By Kevin E. Glosser
First, let's discuss the testing environment. The
latest version, 4.2.1 released on January 11, 2005, was the subject of
our review. In addition to this TransGaming provides a nice graphical
front end to Cedega named Point2Play(P2P). We tested version 1.3.2 of
Hardware used for this review was a modified Dell Dimension 8300. It has
a Pentium IV processor running at 3 GHz. The FrontSideBus runs at 800
Mhz. The memory is dual channel DDR 400, one gigabyte in total. The
original video card has long been removed and replaced by an admittedly
out of date one, by hardcore gaming standards. Although the ASUS GeForce
4 Ti4200 with 128 Mb of VRAM is a nice card, it simply can't compete
with the newer offerings from NVIDIA or ATI. Sound is provided by a
SoundBlaster Live! 5.1 sound card.
The GNU/Linux distribution installed on this hardware is Fedora Core 3, which
is kept up to date with recent patches and kernels. At the time
of the review the 2.6.10-1.760 SMP kernel was used, installed via rpm.
The latest NVIDIA graphics driver, version 6629 is installed.
I wanted to be as fair as possible with the selection of games I chose
for testing Cedega. Yet, at the same time I wanted to pick games most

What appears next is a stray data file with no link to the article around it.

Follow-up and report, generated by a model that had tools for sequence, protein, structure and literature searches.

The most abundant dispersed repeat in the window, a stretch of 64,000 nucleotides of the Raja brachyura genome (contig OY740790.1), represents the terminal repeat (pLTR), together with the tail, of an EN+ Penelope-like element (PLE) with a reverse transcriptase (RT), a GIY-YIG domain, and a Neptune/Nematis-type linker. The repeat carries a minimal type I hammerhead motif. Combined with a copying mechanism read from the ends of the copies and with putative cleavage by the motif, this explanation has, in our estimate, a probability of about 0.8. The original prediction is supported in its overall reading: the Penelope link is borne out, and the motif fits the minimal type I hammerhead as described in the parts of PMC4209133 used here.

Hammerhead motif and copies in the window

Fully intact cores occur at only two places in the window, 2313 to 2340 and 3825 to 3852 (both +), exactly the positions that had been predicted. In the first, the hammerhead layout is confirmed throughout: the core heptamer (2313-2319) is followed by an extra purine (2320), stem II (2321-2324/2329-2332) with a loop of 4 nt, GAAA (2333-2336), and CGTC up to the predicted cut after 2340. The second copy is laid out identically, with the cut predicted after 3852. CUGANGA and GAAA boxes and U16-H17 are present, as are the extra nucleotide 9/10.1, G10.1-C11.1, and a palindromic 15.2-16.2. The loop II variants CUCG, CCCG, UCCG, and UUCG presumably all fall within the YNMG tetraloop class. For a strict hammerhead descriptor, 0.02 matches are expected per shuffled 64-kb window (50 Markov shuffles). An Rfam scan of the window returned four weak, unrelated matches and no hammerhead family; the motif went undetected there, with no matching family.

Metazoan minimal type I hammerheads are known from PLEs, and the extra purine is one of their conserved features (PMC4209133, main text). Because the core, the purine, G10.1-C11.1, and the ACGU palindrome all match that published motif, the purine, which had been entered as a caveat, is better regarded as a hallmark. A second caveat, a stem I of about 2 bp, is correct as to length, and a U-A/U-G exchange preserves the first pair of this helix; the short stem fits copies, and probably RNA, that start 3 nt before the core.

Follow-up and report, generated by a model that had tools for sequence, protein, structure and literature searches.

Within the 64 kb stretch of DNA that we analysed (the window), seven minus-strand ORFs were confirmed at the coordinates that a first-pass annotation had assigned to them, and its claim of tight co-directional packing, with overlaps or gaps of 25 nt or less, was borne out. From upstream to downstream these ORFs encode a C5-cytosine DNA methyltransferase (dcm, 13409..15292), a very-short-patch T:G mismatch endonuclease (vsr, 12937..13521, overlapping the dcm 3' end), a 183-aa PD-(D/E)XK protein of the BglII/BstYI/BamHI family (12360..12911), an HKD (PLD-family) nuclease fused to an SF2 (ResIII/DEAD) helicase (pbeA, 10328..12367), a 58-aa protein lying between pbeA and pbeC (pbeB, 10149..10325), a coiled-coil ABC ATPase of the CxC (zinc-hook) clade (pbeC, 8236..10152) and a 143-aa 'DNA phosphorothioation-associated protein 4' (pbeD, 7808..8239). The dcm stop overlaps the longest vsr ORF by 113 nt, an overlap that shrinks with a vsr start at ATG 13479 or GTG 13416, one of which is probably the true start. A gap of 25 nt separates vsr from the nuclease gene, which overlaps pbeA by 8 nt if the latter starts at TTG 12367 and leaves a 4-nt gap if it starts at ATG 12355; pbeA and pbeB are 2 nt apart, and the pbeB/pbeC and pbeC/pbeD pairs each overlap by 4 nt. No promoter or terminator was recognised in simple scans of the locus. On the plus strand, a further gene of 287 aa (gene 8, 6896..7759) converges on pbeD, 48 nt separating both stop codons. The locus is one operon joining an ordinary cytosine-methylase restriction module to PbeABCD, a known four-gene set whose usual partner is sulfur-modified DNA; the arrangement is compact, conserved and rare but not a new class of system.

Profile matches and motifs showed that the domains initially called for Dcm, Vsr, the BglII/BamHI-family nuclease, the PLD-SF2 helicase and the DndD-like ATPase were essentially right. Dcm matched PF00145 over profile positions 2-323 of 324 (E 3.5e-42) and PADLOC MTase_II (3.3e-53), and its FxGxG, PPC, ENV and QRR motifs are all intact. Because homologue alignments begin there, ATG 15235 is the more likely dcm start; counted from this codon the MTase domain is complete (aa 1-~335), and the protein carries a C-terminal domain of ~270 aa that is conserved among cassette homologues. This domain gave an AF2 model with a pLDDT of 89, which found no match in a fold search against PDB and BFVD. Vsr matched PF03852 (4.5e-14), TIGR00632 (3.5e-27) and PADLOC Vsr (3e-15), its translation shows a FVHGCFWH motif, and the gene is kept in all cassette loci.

people would be playing. Two games stood out as obvious choices. Both
are advertised on TransGaming's website. They are, World of Warcraft from Blizzard
Entertainment, and Half-Life 2 from Valve Software. Each of these titles
has been claimed to be the best of their genre, some might argue they
are the best games currently available. Amongst gamers, there can't be
much disputing these choices.
In addition to two very recent titles, both coming out late last year, I
wanted to test a slightly older game that also pushes graphics
capabilities. I chose Star Wars: Knights of the Old Republic from
BioWare which just so happened to be 2003 game of the year.
Initially, I considered testing additional games, but after three solid
titles I felt I had enough material to write my review. I did however,
make one final attempt. I decided to be unfair this time, and throw
Cedega a "curveball". Why not try to run a Windows application that
isn't a game? Sure, we're all curious, is Cedega really just for games?
Fortunately, my choice of what to try seems to forever answer that
question. I chose to install an obscure, not so mainstream program, the
Windows InternetChessClub (ICC) client. I downloaded and tested version
2.34, admittedly a program that hasn't been updated for three years.
The ICC is a sponsor of our site, however this was not a
factor in my selection. I've been a ICC member for over ten years, long
before they ever considered sponsoring our site.
Alright, enough with the details, let's install Cedega...